Iran on Trump's nuclear decision: If the US leaves, there's 'no deal left'

Iran: If US leaves deal, there's 'no deal left'
Iran: If US leaves deal, there's 'no deal left'

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Iran: If US leaves deal, there's 'no deal left' 16:01

London (CNN)In the first major interview by a representative of the Iranian government since Israeli Prime Minister Benjamin Netanyahu's broadside on the Iran nuclear deal, Iran's Ambassador to the UK told CNN that if the United States pulls out of the agreement, "it means that there is no deal left."

"The consequence would be that Iran would in fact be ready to go back to the previous situation," Hamid Baeidinejad told Christiane Amanpour in London on Wednesday.
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"It could be enriching uranium, it could be redefining our cooperation with the agency [IAEA], and some other activities that are under consideration."
US President Donald Trump is facing a May 12 deadline to decide whether to continue waiving sanctions on Iran -- in essence, to decide whether the United States should remain in the agreement.
    Mike Pompeo, the new US Secretary of State, said Tuesday that the Administration is "deciding on the next steps for the flawed [deal]."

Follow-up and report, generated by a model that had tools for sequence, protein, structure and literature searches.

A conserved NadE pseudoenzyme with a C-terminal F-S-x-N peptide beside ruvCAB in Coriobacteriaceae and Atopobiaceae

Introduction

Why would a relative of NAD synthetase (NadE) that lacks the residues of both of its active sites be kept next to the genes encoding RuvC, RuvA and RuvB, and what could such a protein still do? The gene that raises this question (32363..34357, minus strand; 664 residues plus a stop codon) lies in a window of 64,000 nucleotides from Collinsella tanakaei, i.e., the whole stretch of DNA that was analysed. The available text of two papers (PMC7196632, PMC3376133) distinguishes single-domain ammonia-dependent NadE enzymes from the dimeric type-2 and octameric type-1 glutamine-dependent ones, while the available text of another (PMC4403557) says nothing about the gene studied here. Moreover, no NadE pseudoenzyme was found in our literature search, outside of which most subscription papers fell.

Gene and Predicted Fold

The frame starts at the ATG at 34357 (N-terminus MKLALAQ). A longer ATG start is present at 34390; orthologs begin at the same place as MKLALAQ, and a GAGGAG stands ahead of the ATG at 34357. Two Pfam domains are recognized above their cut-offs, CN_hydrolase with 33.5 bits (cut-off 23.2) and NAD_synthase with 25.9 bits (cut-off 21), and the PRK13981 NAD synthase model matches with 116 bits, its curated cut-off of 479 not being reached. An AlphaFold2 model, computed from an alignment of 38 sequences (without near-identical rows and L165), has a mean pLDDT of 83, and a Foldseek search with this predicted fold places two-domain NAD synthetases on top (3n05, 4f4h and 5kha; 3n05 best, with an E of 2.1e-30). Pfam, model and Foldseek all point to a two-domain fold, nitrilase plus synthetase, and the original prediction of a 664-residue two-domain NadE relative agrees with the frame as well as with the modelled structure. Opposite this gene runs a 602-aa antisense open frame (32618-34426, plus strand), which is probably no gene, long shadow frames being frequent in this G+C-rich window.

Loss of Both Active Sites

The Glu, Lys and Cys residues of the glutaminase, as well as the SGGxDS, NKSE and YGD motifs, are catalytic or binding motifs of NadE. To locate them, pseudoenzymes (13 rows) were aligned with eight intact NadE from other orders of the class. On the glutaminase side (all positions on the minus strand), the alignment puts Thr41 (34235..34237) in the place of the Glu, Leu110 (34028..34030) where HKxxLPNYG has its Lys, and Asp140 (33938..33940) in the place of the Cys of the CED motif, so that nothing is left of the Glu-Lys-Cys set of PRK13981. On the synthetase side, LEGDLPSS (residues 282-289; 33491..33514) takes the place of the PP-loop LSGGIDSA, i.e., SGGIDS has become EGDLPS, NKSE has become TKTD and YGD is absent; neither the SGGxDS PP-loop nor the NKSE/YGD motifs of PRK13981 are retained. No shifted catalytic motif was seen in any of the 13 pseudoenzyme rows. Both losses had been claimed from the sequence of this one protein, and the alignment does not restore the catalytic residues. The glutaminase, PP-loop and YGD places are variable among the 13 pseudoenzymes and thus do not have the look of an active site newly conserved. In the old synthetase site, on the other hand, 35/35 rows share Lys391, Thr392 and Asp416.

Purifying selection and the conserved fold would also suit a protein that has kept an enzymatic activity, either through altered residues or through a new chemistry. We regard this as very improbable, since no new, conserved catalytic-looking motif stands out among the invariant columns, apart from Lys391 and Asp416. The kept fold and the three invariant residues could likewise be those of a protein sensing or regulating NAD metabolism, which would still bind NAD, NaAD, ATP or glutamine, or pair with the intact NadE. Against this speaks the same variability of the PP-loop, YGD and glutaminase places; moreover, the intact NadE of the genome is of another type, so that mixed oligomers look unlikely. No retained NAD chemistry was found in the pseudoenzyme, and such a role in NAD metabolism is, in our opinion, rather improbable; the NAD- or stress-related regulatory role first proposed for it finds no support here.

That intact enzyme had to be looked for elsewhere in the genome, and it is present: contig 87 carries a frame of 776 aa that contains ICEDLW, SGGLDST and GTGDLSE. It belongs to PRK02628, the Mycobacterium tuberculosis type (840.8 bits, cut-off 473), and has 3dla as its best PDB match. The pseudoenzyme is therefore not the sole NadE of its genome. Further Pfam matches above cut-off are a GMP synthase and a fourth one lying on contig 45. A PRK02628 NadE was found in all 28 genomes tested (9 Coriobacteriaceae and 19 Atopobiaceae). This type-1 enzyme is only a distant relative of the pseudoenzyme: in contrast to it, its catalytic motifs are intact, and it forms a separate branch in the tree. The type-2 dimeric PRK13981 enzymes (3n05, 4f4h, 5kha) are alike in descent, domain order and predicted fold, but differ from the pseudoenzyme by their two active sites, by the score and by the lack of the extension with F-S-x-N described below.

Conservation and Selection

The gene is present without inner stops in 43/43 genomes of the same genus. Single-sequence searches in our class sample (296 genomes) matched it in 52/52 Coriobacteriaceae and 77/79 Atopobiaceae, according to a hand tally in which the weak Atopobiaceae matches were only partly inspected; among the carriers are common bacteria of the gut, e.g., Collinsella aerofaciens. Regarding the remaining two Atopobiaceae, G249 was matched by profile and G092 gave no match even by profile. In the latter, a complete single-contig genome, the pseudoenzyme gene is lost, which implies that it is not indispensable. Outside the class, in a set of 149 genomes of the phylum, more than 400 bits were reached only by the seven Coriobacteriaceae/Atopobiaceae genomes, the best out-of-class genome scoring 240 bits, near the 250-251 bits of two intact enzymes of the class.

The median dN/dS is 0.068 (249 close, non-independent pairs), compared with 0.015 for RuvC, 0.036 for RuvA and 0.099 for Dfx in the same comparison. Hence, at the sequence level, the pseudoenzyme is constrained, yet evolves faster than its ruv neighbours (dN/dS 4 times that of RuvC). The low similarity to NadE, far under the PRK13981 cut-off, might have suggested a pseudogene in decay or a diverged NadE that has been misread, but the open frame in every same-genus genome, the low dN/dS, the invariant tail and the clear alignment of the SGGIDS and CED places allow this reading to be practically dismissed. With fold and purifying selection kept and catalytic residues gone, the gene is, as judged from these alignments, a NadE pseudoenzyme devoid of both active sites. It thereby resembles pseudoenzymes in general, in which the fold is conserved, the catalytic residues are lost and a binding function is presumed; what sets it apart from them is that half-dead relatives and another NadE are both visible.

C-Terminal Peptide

Trump has suggested that the deal -- formally known as the JCPOA, or Joint Comprehensive Plan of Action -- needs to be renegotiated. Even French President Emmanuel Macron, a defender of the deal, said in Sydney on Wednesday that it was "not sufficient."
    But Baeidinejad ruled out that possibility.
    It is "totally unacceptable," he said, for the deal's implementation to be conditional on new agreements.
    "JCPOA was negotiated on its own merits, and still it's working and it should be continued to be enforced."

    Allegations by Israel

    Netanyahu claimed earlier this week that Israel has evidence Iranian officials were "brazenly lying" when they said the country was not pursuing nuclear weapons, and said that the Islamic Republic is storing an "atomic archive" at a secret compound. He suggested that this means the Iran nuclear deal is "completely flawed."
    Reacting to the accusations, the ambassador pointed to the IAEA's own investigations.
    "There have been some allegations against conducting of such activities in Iran, but never was there ever any proof presented to Iran," he said.
    "The board of governors of IAEA closed this file permanently. So that was based on the realities on the ground."

    Europe's charm offensive

    Several American allies in Europe are desperately trying to salvage the agreement ahead of that May 12 deadline.
    French President Emmanuel Macron and German President Angela Merkel both pressed their cases with Trump in Washington last week.
    But Baeidinejad accused those countries of simply appeasing Trump and "giving him more concessions."
    "The reality is" that they have not been able to convince the American President, he said.
    "We should be very clear to the United States that we have a deal, that we want to stay in the deal, and this deal should be effectively implemented."